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  1. Nedelman

    3ds loader [source]

    In addition to some of the things jpetrie mentioned: 1)You have memory leaks all over the place. I see a lot of 'new' allocations, but no corresponding 'delete's. You should use std::vector for your mesh components to fix this, or at least add destructors that free the data you allocate. 2)When you load names, the repeated character concatenations are excessive. Since 3DS file format has limits on name lengths, you should load into a char array instead, then copy that into the name string object when the name loading has completed. 3)You automatically convert the meshes so that they have Y axis as the up axis. That's not a good idea since many people, such as myself, prefer to use Z up. You should make the conversion an option. 4)Your vertex normal calculations don't take the face smoothing groups into account. This is a problem since even simple objects, such as a cube, will not be lit properly. 5)No camera or light support. These are extremely useful to have in a scene importer. I've also written a 3DS importer myself, along with a viewer, which you can find at http://www.gameprojects.com/project/?id=6c3eea10eb . It's written in C# for XNA, but I think you'll find the code easy to follow if you'd like to use it as a reference.
  2. Try using the HINSTANCE that is passed by the system to your DLL's DLLMain() function.
  3. Nedelman


    As of DirectX 9, DirectDraw is a legacy feature and isn't available as a version 9 interface, so I don't recommend learning that. DirectX 10 will evidently be bringing back DirectDraw in some form but since you probably don't have a DirectX 10 card, that's probably not an option either. If all you really want to do is code 2D games, you should take a look at SDL or XNA, both of which have very simple interfaces for drawing 2D graphics. Otherwise, you will have to familiarize yourself with setting up 2D parameters in a 3D API which, while flexible, is probably more complexity than you need when you're starting out. Also, since you asked, I prefer D3D to OpenGL.
  4. Nedelman

    Trouble with reflections

    Quote:Original post by madox ....by rendering copies of the game pieces upside down, and blending them with the board. The pixel shader sets the reflected object's alpha to 0.5 You should draw the reflected objects normally (with no transparency), then blend the board on top of them. Then draw the non-reflected objects. That is the usual way.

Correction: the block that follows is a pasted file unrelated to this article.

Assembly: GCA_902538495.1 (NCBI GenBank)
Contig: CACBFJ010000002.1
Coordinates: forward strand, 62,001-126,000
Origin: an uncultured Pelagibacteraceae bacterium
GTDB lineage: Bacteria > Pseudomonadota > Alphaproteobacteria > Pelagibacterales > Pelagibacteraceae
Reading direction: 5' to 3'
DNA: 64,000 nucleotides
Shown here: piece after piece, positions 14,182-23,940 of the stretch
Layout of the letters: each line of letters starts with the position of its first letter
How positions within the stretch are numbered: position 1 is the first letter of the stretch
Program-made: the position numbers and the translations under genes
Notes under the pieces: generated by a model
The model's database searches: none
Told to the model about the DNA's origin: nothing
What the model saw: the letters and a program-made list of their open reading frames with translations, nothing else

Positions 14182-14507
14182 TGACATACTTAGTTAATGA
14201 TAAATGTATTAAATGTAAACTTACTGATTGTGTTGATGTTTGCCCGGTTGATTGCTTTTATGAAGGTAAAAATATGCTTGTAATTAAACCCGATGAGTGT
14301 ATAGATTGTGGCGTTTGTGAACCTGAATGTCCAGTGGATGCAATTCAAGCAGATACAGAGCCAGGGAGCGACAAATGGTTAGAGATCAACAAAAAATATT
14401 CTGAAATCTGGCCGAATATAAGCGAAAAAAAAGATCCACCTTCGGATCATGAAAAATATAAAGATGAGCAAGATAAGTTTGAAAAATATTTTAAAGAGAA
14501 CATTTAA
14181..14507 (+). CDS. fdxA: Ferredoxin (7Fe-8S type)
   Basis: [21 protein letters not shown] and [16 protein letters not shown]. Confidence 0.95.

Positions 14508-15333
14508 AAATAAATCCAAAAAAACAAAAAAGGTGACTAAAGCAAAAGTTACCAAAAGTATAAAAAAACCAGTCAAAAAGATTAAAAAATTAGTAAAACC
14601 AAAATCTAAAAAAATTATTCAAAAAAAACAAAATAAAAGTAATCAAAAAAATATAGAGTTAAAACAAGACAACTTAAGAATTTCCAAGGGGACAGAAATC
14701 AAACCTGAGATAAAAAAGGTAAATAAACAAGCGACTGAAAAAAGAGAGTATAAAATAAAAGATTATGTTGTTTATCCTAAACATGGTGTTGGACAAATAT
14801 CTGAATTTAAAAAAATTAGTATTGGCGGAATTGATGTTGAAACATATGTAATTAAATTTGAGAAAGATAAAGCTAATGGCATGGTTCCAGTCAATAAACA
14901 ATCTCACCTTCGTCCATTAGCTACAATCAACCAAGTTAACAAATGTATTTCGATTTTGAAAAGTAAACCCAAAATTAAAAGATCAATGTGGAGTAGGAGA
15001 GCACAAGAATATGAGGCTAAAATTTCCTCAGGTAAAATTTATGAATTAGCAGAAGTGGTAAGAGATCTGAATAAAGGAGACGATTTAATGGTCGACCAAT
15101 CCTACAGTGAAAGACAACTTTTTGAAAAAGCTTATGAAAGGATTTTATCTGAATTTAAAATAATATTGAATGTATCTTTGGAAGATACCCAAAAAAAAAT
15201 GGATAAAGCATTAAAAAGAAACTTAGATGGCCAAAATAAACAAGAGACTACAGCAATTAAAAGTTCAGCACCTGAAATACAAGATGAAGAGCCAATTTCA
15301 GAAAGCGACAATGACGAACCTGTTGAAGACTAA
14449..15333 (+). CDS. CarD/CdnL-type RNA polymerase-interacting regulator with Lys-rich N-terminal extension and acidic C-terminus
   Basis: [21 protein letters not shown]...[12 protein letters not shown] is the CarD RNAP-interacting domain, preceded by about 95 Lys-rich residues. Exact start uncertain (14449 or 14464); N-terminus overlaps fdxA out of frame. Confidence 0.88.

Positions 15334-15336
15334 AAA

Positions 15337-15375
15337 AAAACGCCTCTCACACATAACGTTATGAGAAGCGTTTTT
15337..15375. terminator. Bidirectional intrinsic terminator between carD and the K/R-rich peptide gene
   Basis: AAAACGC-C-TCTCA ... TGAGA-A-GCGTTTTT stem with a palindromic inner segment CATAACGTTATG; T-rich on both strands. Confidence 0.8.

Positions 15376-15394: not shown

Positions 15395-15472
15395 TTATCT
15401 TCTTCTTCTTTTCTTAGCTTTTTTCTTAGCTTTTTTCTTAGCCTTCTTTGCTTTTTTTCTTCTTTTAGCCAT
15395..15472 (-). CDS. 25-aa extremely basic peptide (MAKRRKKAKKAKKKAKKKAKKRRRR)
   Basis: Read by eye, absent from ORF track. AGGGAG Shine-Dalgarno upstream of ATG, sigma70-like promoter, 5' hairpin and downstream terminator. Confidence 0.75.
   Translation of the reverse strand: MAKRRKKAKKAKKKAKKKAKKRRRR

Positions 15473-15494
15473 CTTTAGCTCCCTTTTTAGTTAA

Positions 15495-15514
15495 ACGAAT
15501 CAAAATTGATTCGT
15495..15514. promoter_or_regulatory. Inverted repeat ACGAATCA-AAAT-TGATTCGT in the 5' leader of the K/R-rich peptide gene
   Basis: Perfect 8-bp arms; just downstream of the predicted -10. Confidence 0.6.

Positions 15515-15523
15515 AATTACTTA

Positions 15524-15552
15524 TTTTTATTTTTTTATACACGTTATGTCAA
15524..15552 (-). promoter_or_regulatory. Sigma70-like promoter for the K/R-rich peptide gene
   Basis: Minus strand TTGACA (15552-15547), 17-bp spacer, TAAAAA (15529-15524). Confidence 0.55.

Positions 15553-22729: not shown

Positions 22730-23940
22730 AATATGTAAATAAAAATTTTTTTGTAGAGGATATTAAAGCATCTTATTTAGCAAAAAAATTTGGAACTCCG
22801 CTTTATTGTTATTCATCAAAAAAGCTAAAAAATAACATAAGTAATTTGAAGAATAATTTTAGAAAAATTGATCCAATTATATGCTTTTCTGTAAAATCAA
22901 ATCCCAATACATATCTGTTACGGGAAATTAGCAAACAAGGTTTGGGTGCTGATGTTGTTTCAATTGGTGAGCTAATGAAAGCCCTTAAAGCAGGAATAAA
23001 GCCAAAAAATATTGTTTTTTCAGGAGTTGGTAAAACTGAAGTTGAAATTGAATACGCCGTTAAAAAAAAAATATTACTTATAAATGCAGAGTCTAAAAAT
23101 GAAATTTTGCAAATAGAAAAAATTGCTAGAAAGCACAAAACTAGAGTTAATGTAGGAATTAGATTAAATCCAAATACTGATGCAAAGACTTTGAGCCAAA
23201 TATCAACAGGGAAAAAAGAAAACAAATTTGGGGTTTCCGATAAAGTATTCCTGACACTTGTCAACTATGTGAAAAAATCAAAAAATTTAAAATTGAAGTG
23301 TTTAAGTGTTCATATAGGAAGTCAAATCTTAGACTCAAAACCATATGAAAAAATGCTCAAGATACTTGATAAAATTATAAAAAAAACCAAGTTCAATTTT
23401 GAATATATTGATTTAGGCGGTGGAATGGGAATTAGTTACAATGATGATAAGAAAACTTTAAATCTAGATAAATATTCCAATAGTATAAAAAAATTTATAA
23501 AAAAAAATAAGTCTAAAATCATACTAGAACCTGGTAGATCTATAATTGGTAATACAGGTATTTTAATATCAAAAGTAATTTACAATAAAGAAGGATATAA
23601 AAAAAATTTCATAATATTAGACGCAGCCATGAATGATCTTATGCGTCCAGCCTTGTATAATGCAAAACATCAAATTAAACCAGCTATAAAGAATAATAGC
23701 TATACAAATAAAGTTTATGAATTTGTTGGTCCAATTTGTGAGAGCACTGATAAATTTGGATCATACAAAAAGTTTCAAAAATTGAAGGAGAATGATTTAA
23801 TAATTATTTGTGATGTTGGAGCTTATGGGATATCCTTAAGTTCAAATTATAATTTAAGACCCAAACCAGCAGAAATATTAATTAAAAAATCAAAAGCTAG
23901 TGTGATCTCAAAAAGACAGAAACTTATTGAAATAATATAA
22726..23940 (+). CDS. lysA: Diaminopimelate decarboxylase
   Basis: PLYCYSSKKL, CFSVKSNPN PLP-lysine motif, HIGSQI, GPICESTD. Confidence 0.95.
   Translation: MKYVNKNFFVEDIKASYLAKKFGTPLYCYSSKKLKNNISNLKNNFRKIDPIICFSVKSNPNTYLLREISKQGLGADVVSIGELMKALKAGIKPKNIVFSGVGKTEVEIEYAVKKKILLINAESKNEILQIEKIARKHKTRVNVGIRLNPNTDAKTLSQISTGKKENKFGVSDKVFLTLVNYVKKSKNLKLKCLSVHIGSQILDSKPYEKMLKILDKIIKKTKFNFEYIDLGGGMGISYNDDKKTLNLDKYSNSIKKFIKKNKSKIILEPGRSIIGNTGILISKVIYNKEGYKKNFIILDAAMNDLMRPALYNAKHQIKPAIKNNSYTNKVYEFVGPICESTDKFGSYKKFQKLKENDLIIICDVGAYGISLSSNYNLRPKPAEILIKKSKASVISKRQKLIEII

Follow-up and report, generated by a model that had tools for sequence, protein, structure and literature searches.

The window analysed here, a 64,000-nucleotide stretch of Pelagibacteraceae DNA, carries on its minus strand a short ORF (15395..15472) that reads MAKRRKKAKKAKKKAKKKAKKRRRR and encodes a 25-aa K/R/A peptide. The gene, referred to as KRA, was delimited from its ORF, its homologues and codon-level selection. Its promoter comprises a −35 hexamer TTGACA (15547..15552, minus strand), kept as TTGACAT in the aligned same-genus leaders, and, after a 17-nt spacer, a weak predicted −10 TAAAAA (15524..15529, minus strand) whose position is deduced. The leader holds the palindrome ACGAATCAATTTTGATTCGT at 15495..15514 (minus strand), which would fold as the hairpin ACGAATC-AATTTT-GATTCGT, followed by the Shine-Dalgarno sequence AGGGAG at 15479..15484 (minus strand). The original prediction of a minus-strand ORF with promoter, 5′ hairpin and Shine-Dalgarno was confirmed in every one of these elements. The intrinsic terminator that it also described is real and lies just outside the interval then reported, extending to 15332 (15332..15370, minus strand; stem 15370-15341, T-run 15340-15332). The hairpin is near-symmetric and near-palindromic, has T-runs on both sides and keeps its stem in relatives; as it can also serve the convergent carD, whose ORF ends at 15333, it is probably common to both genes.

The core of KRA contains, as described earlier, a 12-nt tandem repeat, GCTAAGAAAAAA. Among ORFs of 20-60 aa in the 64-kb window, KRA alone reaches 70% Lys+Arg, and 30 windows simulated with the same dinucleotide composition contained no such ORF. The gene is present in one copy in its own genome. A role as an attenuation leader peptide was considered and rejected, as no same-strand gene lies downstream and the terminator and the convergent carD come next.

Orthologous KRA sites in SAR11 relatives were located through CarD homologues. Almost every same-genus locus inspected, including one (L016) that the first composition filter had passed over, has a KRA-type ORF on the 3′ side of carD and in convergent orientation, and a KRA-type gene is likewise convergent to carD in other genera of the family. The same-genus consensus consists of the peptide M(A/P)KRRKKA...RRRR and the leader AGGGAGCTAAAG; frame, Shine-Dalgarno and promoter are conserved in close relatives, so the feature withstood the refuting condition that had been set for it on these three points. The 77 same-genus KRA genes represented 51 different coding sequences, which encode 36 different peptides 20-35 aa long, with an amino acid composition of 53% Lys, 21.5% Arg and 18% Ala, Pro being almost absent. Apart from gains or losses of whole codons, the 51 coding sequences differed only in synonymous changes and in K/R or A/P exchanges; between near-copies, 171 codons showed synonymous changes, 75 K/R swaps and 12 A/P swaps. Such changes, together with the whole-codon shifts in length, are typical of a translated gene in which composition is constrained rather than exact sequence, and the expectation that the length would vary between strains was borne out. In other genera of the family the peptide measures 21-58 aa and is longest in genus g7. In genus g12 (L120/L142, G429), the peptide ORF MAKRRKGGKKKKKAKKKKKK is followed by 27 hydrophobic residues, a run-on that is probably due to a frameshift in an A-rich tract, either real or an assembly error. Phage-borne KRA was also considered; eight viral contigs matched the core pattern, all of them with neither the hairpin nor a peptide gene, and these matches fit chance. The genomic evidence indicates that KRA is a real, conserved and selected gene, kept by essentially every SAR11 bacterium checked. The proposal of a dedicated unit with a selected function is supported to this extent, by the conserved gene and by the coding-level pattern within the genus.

5. Your idea sounds a little more complex that it needs to be. Why not just check the caps directly for your application?
  6. Yeah, do yourself a favor and just go buy yourself a wired controller. For entertainment I like wireless, but when I'm at my computer I work and I don't want to be bothered with having to charge/replace batteries.
  7. Nedelman


    Namespaces are used to help prevent naming clashes in different code modules. For example, lots of graphics programs and libraries have their own Vector3 definition. Namespaces allow same-named types to be used simultaneously. Personally, I'm happy when I see code that uses namespaces because I know it's going to be less troublesome to work with. I say you should always use namespaces, even if your usage is a simple as having one namespace called "MyGame". Whatever you do, don't go namespace crazy and create more namespaces than you need. Keep the number and depth of your namespaces small and general so that you can your code stays flexible. This is important because if you end up moving things around and you have to rename your namespaces, you won't create extra work for yourself. The only time you shouldn't use namespaces is if you are certain the code will need to be compiled with a compiler that does not support namespaces. I've not worked with such compilers, so I don't know how relevant this issue even is.
  8. Nedelman

    Using the stencil buffer

    Disabling color writes does not enable stencil writes. Just like enabling depth writes does not enable color writes. These are all things that you can enable or disable as you choose. The best practice is to explicitly enable the things you need and disable the things you don't need.